Sleep disordered breathing, also known as sleep apnea, is highly prevalent among retired National Football League (NFL) players, and particularly in linemen, according to Mayo Clinic research. This study, involving 167 players, adds to the growing body of research examining the relationship between sleep apnea and heart disease, the investigators say.
The study will be presented March 31, 2009 at the American College of Cardiology Annual Scientific Session in Orlando (1048-86). The research was conducted in collaboration with the Living Heart Foundation.
The Mayo data showed that 60 percent of linemen, average age of 54, had sleep disordered breathing (SDB), as defined by having at least 10 sleep-related breathing disorder episodes, such as pauses in breathing, per hour. Linemen had an average of 18.1 episodes per hour. The monitoring of breathing at night was conducted while the retired players slept at home. In addition, researchers discovered that age and obesity (measured by the body mass index, which corrects the weight for a person's height) were significantly associated with sleep disordered breathing. Linemen had an average BMI of 34.2; a BMI of 30 or more is considered obese.
Dr. Virend Somers, a Mayo Clinic cardiologist who helped guide the study, noted that the prevalence of sleep apnea and obesity was higher than expected, and serves as a warning that athletes need to monitor their weight and health carefully when they retire, a time when physical activity levels may begin to decline abruptly. While more research is needed to uncover the link between sleep disorders and heart disease, there is evidence that sleep apnea may be a cause of high blood pressure, which is a risk factor for heart disease, he says.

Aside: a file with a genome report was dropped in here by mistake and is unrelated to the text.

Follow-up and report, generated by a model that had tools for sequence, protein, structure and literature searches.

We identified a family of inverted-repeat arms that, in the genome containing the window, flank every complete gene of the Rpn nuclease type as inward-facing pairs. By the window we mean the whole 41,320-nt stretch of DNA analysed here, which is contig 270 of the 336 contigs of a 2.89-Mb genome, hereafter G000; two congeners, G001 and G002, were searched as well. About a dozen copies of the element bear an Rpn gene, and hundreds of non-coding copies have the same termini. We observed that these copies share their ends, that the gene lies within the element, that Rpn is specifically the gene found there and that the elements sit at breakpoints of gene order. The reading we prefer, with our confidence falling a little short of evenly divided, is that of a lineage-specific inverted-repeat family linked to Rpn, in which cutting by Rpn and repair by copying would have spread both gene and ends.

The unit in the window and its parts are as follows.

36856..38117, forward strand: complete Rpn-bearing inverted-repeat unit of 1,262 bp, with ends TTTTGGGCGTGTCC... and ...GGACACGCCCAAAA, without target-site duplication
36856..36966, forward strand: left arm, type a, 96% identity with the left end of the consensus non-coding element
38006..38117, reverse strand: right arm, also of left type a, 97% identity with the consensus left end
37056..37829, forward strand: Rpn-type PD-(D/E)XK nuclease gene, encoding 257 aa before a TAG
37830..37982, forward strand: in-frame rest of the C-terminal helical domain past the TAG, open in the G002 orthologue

For all other study participants (average age of 53), who played other positions, 46 percent had sleep apnea with an average of 13.4 sleep-related disorder episodes per hour. The average BMI was 30.5.
In addition, 45 percent of the linemen and 32 percent of nonlinemen reported having high blood pressure. "High blood pressure is another risk factor for cardiac disease, and may be linked to both obesity and sleep apnea," Dr. Somers says.
Retired football players, and particularly linemen, need to be aware of sleep disordered breathing and its connection to cardiac risk factors, says lead author Felipe Albuquerque, M.D. "Many people do not realize that they have a sleep disorder," he says. "They may have no symptoms that they are aware of, but perhaps they know they are tired during the day and they're told they snore very loudly. These can be clues to the presence of sleep apnea. Our results show that retired linemen need to realize that they are a very high risk population and may need evaluation and treatment."
Previous research by various institutions and investigators in recent years, much of which has been assisted by the Living Heart Foundation, showed concerning health trends for retired NFL players:
Retired NFL players are more prone to obesity and obstructive sleep apnea than the general population.
Retired NFL players have an increased rate of metabolic syndrome, a condition increasingly linked to excess weight and lack of activity, which can lead to type 2 diabetes.
Higher mortality is reported in linemen, as compared to people in the general population of the same age who are not professional football players. Research is needed to determine the causes.
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